Yoko Taro directed games like Nier Automata have all something in common, some features and characteristics which set the games truly apart from one another. While speaking to siliconera, Taro talked about the final ending of the game and why the game deleted the user’s save file at the end.
While the game has its ups and downs, it has mostly remained a solid play throughout.
With so many streaming and video services like Twitch and YouTube, Nier Automata final ending was left as a treat for someone who had invested so many hours into the game, and something that would mean a lot for the person who got to it, rather than if someone were to watch in on YouTube.
When I was developing the original NieR, that was when a lot of people were starting to post their gameplay videos on YouTube, and that was gaining a lot of popularity at the time. It became a slight issue, at least in Japan, because a lot of people were experiencing games just by viewing them.
I am accepting of this. I understand that, as technology evolves, there are going to be new ways people enjoy different mediums. That said, for people who are paying full price for a particular game, if they’re experiencing the same thing as someone who’s just watching it on YouTube, I don’t feel that is quite right. So, I believe this particular experience is a special experience that only people who play through the game are going to really understand. I believe that it adds value to the player’s experience. This is something that people who are just watching won’t quite understand to the same degree as people who have spent time and played through the game.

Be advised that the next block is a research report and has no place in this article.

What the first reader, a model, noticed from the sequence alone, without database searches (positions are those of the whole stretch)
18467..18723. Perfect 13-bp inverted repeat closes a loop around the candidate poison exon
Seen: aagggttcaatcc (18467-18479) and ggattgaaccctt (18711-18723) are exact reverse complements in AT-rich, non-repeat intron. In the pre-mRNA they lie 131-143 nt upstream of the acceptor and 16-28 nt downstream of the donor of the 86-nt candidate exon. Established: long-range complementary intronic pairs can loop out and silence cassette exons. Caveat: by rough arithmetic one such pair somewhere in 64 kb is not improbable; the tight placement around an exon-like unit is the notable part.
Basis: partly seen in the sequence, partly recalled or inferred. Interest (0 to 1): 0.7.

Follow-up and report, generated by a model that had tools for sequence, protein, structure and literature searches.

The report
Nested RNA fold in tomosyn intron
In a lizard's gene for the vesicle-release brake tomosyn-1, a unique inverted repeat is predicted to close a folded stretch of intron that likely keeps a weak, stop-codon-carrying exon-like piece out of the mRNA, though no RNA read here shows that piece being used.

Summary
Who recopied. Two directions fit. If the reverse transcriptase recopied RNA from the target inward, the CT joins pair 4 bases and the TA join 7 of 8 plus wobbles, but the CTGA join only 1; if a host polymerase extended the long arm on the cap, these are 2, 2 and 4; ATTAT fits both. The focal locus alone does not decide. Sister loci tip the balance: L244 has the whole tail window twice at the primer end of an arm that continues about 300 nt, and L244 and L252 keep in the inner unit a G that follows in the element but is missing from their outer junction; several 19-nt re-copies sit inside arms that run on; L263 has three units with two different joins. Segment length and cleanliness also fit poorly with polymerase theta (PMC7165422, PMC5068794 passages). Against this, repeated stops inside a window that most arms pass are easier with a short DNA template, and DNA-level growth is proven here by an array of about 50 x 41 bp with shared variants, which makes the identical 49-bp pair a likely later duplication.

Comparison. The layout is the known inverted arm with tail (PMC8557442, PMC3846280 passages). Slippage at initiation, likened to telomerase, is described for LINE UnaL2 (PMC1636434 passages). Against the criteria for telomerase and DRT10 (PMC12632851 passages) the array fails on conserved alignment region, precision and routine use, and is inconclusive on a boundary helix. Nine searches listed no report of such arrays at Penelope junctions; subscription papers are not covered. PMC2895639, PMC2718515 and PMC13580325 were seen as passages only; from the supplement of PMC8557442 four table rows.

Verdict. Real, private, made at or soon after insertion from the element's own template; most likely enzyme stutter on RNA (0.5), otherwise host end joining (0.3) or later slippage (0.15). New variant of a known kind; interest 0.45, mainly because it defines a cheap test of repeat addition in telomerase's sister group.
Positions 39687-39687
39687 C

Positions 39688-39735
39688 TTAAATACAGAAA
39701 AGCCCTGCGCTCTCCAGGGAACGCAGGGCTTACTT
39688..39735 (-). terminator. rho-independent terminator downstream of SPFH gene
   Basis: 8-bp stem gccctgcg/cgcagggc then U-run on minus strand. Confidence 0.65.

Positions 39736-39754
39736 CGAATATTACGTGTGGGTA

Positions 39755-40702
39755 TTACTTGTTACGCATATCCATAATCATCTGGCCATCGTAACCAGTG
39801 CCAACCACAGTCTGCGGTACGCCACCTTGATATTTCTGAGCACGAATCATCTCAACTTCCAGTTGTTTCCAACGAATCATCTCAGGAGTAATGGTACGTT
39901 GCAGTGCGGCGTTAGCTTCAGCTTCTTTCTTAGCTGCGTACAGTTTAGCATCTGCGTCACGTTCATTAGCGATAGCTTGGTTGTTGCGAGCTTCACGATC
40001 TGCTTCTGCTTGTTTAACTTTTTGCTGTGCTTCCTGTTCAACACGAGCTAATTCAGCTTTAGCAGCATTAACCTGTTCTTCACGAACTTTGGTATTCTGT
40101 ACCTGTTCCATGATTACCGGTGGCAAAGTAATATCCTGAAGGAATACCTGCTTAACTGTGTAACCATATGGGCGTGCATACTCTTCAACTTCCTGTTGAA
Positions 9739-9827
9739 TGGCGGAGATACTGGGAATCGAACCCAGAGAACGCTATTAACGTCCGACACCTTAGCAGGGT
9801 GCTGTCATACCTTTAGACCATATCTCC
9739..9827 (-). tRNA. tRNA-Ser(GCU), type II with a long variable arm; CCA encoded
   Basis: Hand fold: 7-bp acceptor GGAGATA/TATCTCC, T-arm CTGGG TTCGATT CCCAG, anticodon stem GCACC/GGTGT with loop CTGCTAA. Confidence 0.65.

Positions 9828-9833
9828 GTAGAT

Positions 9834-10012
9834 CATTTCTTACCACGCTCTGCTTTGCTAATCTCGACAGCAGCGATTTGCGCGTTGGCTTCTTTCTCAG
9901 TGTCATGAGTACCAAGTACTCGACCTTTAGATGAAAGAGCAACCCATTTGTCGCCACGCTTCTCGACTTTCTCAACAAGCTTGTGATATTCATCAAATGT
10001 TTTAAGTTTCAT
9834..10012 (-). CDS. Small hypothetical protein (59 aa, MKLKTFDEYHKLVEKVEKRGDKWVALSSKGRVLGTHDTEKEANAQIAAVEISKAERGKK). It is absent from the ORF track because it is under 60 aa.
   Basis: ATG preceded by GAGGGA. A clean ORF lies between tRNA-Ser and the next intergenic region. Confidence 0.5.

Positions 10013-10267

So, that was one of the reasons why I included this kind of deletion of save data into the entire structure. I wanted something that could only be experienced by a player who invested so much time into playing the game.
If you’ve yet to play Nier Automata, there are actually 5 different endings to the game which takes you through the eyes of different protagonists and antagonists.